TOPEKA – (April 27, 2021) – Use of a so-called “social cost of carbon” analysis is beyond the legal scope of federal energy regulators to approve or deny permits for critical interstate natural gas pipeline construction, Kansas Attorney General Derek Schmidt said today.
Schmidt joined a coalition with 21 other state attorneys general in filing comments with the Federal Energy Regulatory Commission concerning implementation of President Biden’s mandate to impose a social cost factor for certain greenhouse gases to address climate issues. The comment letter was filed Monday evening.
The attorneys general argue that neither the Natural Gas Act (NGA) nor the National Environmental Policy Act (NEPA) authorizes FERC to use the “social cost of carbon” analysis in consideration of certification applications, that the analysis is speculative and scientifically flawed, and that FERC should adhere to its previous position that “social cost of carbon” analysis is not appropriate for NEPA analysis.
FERC is charged by Congress with reviewing and certifying applications for interstate natural gas pipeline projects proposed by private companies.
The letter follows action in March when Schmidt joined a coalition of 12 attorneys general in filing a federal lawsuit challenging President Biden’s Executive Order 13990, which attempts to impose binding rules that federal agencies must use to calculate the “social costs” of greenhouse gases when creating federal regulations. The suit alleges that the Biden administration has no statutory authority to decree the formula to be used for calculating those costs. The potential stringency of federal regulations imposed at the direction of that executive order would stifle manufacturing, harm agriculture, and cause serious damage in Kansas and across the country, the attorneys general argue.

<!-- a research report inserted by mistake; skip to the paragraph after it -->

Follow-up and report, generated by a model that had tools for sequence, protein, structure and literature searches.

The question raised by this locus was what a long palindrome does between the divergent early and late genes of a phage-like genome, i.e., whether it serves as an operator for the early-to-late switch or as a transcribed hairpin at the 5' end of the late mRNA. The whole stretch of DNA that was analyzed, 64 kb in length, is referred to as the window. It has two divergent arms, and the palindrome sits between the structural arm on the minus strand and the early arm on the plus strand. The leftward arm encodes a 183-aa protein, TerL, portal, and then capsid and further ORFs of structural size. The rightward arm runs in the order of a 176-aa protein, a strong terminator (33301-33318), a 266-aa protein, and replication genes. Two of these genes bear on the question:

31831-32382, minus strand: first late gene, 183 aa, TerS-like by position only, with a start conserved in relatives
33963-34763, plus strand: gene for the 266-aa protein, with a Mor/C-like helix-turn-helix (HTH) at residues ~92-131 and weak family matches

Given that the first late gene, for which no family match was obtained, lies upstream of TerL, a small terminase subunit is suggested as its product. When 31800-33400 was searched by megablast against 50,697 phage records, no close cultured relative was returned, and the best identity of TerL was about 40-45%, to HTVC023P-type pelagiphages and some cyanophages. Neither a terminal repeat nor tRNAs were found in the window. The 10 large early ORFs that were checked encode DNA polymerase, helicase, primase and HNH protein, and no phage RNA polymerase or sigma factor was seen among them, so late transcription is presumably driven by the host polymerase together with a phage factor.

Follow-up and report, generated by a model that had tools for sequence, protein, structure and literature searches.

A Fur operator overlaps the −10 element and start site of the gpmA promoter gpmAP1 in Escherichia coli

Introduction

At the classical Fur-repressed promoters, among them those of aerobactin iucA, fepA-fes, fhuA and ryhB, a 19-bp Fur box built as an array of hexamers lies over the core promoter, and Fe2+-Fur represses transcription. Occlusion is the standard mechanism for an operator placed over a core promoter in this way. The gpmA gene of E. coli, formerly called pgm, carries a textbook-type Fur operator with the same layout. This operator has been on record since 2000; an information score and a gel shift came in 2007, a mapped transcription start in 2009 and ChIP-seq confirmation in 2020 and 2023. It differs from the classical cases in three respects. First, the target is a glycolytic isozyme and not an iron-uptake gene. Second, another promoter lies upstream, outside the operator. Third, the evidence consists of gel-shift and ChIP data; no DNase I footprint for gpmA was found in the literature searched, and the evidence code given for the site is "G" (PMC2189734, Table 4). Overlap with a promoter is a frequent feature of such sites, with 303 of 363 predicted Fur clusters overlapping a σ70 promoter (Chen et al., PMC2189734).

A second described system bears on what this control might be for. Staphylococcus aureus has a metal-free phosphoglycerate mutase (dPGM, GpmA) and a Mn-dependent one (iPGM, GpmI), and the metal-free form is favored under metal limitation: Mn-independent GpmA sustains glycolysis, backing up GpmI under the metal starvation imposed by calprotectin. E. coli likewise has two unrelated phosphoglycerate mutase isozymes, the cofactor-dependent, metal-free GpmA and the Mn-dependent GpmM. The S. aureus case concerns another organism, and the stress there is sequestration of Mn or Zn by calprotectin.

The letter argues that FERC applying “social cost of carbon” analysis to certifications is not authorized by the NGA or the NEPA. Implementing the analysis would serve to increase costs based on speculation of future climate outcomes, instead of rendering natural gas abundant and affordable as required by statute.
“Congress’s subsequent actions further show that the ‘public interest’ in the NGA is concerned with keeping natural gas widely available and affordable.” To that point, the letter says, “In the NGA, Congress did not vest FERC with the authority of an international commission to mitigate global climate change, and certainly no statute contains a ‘clear’ statement of such an extraordinary delegation of authority.”
Similarly, as it relates to NEPA, the letter contends, “Likewise, NEPA does not mandate or permit FERC to use the SCC for pipeline certifications. Like the NGA, NEPA does not contain any clear statement of Congress delegating authority to FERC to anticipate and mitigate global climate change under the aegis of promoting abundant and affordable natural gas,” and states later, “NEPA does not authorize the Commission to use the SCC values because NEPA’s hard look requirement and proximate cause standard does not permit agencies to rely on speculative conclusions or conclusions that the agency knows reflect substandard and outdated science.”
The comment letter can be found at https://bit.ly/3gCUJ0m.